2

Seitunes 1.0

Seitunes v1 is here! I think everything I need it to do is in here. I’m not planning on adding new features in the near future – if anything, I’ll concentrate on optimizing performance.

Sei what?

Seitunes is a command-line interface for iTunes.

It allows you to see what’s playing in iTunes and control it (play, pause, set volume, toggle shuffle, select a playlist, set song rating) from your terminal.

Overview of v1.0

I finally decided to split the program in two separate parts.

libseitunes.(c|h) is a C API to access iTunes through Applescript calls. It is also under GPL.

Seitunes.(c|h) is the higher-level part of the application, which is now completely Applescript-free.

New Features

Support for rating (display and modification).

Playlists: Seitunes now displays the playlist currently playing. You can also see all available playlists, and select the one you want to play (with ‘/’).

Bug fixes

A bug caused Seitunes to think iTunes was completely stopped (hence not displaying data about artist and song) if you went to next track whilst playback was paused. iTunes actually reports such a condition as “stopped”, so I added some code to handle this case (it basically checks if there is a “current track”, and if so, displays the data).

GitHub

Seitunes is now on GitHub!

MeWare?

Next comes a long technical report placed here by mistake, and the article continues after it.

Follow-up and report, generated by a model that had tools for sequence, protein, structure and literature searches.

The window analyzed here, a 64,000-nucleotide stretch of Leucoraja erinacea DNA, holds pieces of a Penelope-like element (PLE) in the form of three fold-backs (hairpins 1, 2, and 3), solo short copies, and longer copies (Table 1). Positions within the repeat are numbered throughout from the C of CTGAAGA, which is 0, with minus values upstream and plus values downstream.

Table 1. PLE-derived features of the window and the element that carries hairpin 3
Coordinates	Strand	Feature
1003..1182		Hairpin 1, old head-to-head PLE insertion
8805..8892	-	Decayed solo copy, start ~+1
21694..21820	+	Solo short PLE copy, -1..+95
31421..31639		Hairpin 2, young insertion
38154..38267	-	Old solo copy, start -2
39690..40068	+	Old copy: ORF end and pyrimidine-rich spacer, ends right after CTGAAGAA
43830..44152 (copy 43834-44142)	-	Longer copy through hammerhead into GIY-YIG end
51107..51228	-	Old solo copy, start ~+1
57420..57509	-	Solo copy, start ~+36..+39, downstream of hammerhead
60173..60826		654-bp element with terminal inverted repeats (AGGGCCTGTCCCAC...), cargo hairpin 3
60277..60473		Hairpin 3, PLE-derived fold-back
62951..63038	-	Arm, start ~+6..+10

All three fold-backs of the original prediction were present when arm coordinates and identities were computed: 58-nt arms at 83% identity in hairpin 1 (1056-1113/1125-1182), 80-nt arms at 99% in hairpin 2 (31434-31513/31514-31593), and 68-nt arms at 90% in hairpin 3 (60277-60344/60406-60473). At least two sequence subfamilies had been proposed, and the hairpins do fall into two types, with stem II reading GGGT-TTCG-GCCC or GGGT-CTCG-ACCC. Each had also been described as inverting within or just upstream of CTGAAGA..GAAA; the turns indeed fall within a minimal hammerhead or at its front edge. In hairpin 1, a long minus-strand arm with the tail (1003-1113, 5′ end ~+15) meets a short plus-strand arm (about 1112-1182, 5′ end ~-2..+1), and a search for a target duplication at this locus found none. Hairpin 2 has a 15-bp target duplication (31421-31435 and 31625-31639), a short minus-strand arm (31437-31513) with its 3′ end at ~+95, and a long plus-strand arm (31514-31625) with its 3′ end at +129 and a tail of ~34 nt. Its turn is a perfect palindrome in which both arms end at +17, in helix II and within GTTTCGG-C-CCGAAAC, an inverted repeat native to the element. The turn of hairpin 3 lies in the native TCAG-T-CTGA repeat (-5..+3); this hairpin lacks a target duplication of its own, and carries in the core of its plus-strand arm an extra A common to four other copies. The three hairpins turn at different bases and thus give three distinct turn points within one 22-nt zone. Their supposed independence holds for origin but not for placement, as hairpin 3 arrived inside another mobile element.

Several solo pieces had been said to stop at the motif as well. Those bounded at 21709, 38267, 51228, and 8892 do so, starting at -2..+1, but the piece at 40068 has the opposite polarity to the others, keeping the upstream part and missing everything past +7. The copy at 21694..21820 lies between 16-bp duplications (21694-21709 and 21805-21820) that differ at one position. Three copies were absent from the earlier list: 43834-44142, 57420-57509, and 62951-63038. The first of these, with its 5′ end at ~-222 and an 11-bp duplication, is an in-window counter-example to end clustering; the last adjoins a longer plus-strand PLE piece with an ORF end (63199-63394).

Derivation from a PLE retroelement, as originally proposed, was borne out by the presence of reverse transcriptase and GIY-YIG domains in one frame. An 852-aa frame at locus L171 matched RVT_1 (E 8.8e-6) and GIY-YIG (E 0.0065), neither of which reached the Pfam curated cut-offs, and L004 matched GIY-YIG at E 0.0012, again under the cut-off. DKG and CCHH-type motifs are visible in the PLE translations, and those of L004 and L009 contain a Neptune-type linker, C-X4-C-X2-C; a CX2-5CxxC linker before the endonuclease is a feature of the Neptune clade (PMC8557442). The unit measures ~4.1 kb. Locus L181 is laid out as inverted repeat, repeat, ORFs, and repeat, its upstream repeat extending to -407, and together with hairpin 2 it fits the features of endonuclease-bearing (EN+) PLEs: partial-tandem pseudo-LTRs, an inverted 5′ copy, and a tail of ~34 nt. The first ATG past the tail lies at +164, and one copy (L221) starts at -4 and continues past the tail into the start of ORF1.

I’ve stumbled upon this very interesting blog post by Eric Sink, classifying software into three big categories: ThemWare (someone writes software, only other people use it), MeWare (someone write software, only he uses it) and UsWare (someone writes software, he uses it and other people do so).

I have currently no idea if anyone else uses Seitunes, or even downloaded it once to see. If you do use it, I’d be delighted to hear from you!

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Seitunes v0.8

Version 0.8 of Seitunes is here!

Apart from finishing implementing the core functions, I focused on code clarity and performance enhancements.

Code

All major Applescript interactions with iTunes now go through separate C functions instead of “oh hey just do it here in main()” as before. These functions act as wrappers to access iTunes, and can be re-used for any other project. I could even put them in a separate file and call it a library :)

Performance

Seitunes used to refresh data (artist, song, volume, shuffle, playlist) all the time, with Applescript, to get data directly from iTunes itself. I reduced the number of interactions and reduced the calls to iTunes.
For example, the “+” key used to tell iTunes to increase the volume, then call Applescript to refresh all data, including the new Volume value. Now it just tell iTunes to increase Volume, computes the new Volume value to display and goes along with it.